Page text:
Understanding Moral Divides

Psychological research helps explain why conflicts are so intractable when morality is involved.

JULIE BECK  |  DEC 14, 2016

Understanding Moral Divides

Morality is “like the temple on the hill of human nature,” writes the social psychologist Jonathan Haidt. “It is our most sacred attribute.” People cherish this sacred sense of right and wrong, put it on a pedestal and surround it with spears, to defend it against attacks. The nearness and dearness of people’s morals means that conflict becomes particularly entrenched when morality gets involved—neither side wants to yield sacred ground.

It doesn’t help that most people think they are more virtuous than others. Many studies over the years have found what’s called a “better-than-average” effect—that when asked to compare themselves to the average person, most people will say they’re smarter, friendlier, more competent, etc. A recent study found that this effect is much more extreme for moral traits like honesty and trustworthiness.

“Everyone viewed themselves as though they were at the top of the scale,” says Ben Tappin, a graduate student in psychology at Royal Holloway, University of London, and an author of the study. The study went on to say that this makes people’s self-inflated morality more irrational than their bumped-up views of their intelligence, or friendliness. In the latter two realms, there was more variability—one person might think they were a little smarter than average, another might think they were a genius, another might think they were a little below average.

“Most people consider themselves paragons of virtue; yet few individuals perceive this abundance of virtue in others,” Tappin and his co-author write in the study. Perhaps, they posit, this could be because it’s evolutionarily advantageous not to trust someone you don’t know—better to assume they wouldn’t act as morally as you would, to protect yourself.

Groups have their own sense of moral superiority. “I’m quite confident that we walk around all the time with a feeling that our group is morally superior to the other group,” says Haidt, a professor of ethical leadership at New York University. “We hate them. It’s important that we show constantly how much better our side is, and anything the other side does, we will take in the worst possible light.”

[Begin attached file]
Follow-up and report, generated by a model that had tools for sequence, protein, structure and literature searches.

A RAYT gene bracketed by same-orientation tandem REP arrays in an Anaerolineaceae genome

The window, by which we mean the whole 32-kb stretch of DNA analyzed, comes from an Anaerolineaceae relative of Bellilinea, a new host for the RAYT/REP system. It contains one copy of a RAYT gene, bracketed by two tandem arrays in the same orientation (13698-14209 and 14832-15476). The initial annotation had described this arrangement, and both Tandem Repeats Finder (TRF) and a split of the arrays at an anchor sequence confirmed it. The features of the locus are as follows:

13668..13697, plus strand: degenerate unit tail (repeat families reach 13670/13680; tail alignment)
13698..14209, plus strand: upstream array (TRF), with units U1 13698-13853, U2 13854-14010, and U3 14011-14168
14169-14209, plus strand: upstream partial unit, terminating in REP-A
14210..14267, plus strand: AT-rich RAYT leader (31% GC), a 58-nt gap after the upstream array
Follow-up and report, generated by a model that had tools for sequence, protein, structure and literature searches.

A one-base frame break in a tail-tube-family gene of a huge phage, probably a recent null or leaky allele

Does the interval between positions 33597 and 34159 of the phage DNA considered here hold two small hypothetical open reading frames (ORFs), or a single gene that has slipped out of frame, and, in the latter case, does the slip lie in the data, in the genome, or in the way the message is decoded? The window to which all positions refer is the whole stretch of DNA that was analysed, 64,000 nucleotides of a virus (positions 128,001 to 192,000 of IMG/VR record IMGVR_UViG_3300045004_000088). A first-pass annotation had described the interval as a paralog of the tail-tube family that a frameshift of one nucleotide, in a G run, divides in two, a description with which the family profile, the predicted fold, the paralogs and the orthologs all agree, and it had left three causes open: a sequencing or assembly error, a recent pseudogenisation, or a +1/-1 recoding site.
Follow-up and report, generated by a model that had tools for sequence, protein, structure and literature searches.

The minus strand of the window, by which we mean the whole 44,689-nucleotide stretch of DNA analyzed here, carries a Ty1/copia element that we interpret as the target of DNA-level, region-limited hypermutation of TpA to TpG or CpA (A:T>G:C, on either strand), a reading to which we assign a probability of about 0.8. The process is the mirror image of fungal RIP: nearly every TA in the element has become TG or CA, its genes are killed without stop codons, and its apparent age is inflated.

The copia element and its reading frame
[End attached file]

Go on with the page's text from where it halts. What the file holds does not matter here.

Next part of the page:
Moral superiority and moral tribalism were on full display in the recent U.S. presidential election. Who someone was going to vote for was often cast as a moral decision. Donald Trump did his best to make Hillary Clinton seem like an immoral choice, repeatedly calling her a liar and “Crooked Hillary.” The Democrats called Trump out on his many lies, but also demonized the people planning to vote for him, as in Clinton’s famous dismissal of them as a “basket of deplorables.” Many times, Clinton’s message seemed to be not only “if you’re not with us, you’re against us,” but “if you’re not with us, you’re a bad person.” Michelle Obama, in a powerful speech that was as much arguing against Trump as it was arguing for Clinton, summed up the campaign: “This isn’t about politics,” she said. “It’s about basic human decency. It’s about right and wrong.”

Part of why it’s easy for anyone to see themselves, or the groups they belong to, as super moral is because morality itself is a vague concept. “You can have one person, for instance, who cares very deeply for their friends and family and would go to the ends of the earth for these people,” Tappin says. “And yet they don’t, say, give a dime to foreign charity. And then you’ve got another person who spends their entire life donating money overseas, yet in their interpersonal life, perhaps they don’t treat their family members very well. In those cases, how do you compare who’s more moral? It seems quite impossible to judge and it’s just at the mercy of people’s preferences.”

Haidt’s work identifies six different moral metrics—liberty, fairness, loyalty, authority, care, and purity. Different groups and cultures prefer to emphasize these domains to different degrees. For example, people in Eastern countries tend to emphasize purity and loyalty more than people in Western countries. People who live in countries where there has historically been higher prevalence of disease also place a higher value on purity, as well as loyalty and authority. In the United States, liberals tend to focus mostly on care, fairness, and liberty, while conservatives generally emphasize all six domains. Other research shows that people rate the moral values a group holds as the most important characteristic affecting whether they’re proud to be a member of the group, or more likely to distance themselves from it.   Read the story>

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